No doubt Mr. Mitchell is still living in the ‘Obama years, ‘ when everything was a lot simpler.
But Mr. Trump is not simple. Chinese leader Xi Jingping is not simple. And these two world leaders are caught in a game of ‘cat and mouse.’ And yes, both probably view The Bahamas as the cheese.
Our PM, Doc Minnis, undoubtedly shares a kinship with Donald Trump and often criticised former prime minister Christie (and company) for basically sucking up to China.
What does this all mean? Only the Father knows.
What I do know, however, is I will watch as these diplomatic machinations play out, as I am sure many Bahamians will.
Will the ‘wife’ or the ‘sweetheart’ win? I hate to be so basic but in truth this is a battle Bahamians have been pondering longer than time.
Too bad our ‘friends across the pond’ are so caught up in their disastrous Brexit. We are, last time I checked still, remarkably, a constitutional monarchy after all. Still, we are on our own with this one.
“We have no lasting friends, no lasting enemies, only lasting interests”- Winston Churchill
Finally the topic of legalizing Marijuana has been sparked up (no pun intended) in the Bahamas, again.
Thanks to Fred Smith, lighting the controversial topic a blaze, once again with his comments regarding decriminalizing, small amounts of marijuana.
After years of secretive back room discussions, it appears the citizenry of the 242 want their voices to be heard loud and clear.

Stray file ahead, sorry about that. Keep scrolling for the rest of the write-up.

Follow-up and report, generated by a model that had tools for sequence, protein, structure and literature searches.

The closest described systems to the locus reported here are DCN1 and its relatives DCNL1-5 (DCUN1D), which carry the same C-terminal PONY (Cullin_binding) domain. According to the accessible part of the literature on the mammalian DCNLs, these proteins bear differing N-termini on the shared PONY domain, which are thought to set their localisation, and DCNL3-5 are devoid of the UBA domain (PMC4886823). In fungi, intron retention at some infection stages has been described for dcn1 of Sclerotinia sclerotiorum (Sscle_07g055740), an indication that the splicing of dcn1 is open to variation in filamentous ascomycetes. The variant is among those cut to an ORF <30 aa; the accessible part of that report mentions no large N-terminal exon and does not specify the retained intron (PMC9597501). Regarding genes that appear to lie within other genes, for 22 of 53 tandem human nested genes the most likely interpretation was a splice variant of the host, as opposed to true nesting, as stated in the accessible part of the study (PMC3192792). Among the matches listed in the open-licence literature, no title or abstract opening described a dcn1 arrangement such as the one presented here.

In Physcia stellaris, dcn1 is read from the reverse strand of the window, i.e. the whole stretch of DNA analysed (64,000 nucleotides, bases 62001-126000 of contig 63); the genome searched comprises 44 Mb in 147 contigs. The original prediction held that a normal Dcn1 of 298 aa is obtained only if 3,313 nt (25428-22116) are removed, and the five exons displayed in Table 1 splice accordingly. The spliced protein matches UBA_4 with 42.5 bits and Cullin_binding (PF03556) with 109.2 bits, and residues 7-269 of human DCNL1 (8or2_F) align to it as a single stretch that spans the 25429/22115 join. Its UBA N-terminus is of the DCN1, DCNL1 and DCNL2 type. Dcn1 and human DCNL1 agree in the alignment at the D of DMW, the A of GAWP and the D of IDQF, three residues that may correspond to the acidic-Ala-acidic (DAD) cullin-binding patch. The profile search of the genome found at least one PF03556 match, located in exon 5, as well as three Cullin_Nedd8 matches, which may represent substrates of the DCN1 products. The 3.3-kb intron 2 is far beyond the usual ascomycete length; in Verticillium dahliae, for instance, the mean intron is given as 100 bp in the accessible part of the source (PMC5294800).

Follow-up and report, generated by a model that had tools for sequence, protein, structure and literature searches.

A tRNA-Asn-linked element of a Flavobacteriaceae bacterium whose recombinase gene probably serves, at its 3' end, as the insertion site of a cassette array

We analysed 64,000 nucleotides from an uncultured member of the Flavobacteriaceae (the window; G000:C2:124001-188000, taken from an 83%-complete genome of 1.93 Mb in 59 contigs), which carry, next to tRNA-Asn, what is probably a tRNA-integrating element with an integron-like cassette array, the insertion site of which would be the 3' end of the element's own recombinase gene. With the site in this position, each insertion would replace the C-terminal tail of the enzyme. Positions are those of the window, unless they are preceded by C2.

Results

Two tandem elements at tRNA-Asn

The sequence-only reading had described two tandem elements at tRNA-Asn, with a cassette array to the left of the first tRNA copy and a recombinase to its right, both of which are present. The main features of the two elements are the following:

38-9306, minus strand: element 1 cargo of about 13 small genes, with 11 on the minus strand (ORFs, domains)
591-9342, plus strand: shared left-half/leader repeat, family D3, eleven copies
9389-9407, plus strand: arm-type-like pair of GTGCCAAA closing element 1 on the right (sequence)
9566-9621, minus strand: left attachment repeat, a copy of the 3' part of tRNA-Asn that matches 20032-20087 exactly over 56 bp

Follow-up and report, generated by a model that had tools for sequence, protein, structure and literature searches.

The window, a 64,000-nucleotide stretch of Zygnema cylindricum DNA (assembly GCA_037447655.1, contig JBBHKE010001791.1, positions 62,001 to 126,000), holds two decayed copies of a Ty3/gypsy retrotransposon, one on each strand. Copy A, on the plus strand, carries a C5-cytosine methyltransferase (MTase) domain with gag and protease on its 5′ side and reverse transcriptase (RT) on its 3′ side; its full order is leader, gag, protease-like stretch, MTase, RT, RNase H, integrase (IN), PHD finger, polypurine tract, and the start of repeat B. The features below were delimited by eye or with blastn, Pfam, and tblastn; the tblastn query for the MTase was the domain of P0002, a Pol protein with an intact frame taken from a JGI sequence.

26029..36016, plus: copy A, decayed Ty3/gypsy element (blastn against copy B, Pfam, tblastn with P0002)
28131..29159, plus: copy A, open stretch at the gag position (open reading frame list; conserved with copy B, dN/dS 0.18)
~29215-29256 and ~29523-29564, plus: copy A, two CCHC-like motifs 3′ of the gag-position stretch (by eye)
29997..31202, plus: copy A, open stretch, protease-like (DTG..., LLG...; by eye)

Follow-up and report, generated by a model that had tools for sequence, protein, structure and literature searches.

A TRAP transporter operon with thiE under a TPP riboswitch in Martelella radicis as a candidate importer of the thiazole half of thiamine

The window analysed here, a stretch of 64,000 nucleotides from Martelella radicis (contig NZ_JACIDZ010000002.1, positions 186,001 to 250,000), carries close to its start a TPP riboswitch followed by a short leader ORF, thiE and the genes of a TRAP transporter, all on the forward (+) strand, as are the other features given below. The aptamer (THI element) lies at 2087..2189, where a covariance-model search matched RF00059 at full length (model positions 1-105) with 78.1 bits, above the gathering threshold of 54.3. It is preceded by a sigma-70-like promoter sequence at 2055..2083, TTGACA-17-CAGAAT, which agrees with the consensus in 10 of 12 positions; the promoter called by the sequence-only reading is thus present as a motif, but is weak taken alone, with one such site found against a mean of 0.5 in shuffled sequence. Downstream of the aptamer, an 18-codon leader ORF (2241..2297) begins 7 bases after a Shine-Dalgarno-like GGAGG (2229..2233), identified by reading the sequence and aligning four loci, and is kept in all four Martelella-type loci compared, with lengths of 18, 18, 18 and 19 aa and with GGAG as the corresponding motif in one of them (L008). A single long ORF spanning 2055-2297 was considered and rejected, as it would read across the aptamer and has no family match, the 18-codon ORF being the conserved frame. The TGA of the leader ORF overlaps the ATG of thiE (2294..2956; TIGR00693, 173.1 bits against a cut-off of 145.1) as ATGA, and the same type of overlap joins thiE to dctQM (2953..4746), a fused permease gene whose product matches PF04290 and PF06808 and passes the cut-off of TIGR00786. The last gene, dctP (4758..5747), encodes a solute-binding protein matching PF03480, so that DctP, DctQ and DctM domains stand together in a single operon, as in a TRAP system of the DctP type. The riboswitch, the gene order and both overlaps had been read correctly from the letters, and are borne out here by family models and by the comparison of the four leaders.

Both those who are pro, aswell as those con on the issue, eant their voices and contributions to the debate to be heard.
A not to distant in the past, Tribune poll showed that 77.78% of Bahamians agreed that Marijuana should be decriminalized, while 22.28% believe it should not.
Previous town hall meetings organized by CARICOM’s Regional Commission on Marijuana drew strong positions from those attending.
Those in attendance were lively and passionately in favour of the decriminalisation and legalisation of marijuana.
However it remains to be seen how accurately the audience represented all Bahamians’ views.
Prime Minister Dr Hubert Minnis will devoted a day of Cabinet meetings to discuss marijuana and marital rape with his ministers, according to Press Secretary (Is he or isn’t he ?) Anthony Newbold.
I also remember Newbold saying previously :
“Cabinet will spend a day discussing that and will have that discussion before any other movement is made with respect to that. The prime minister has said and continues to emphasise that whatever happens, the Bahamian people must have a say in whatever that final decision is determined to be. That decision will be made after the Bahamian people have had an opportunity to weigh in extensively on that issue just like any other.”
Wow! They say, they dedicated a whole day to disscusing the matter.
We have many pertinent issues nationally that need to be adressed, so to see a whole day devouted by the government to one matter, tells me said matter is one of importance.
And may hold alot more weight than people think.
I applaud Dr. Minnis’ bravado in saying he’s be putting such a sensative issue to the citizens of the Bahamas, for their input on the matter.
I’m still waiting for it to officially be put to the citizenry, for a final decision. Lots of discussion, and more discussions, but still nothing tangible.
Now, hopefully,he will take heavily in to consideration the wishes of the people, like he has stated, before making any final decision on the topic.
The reviews are mixed among the Minnis cabinet.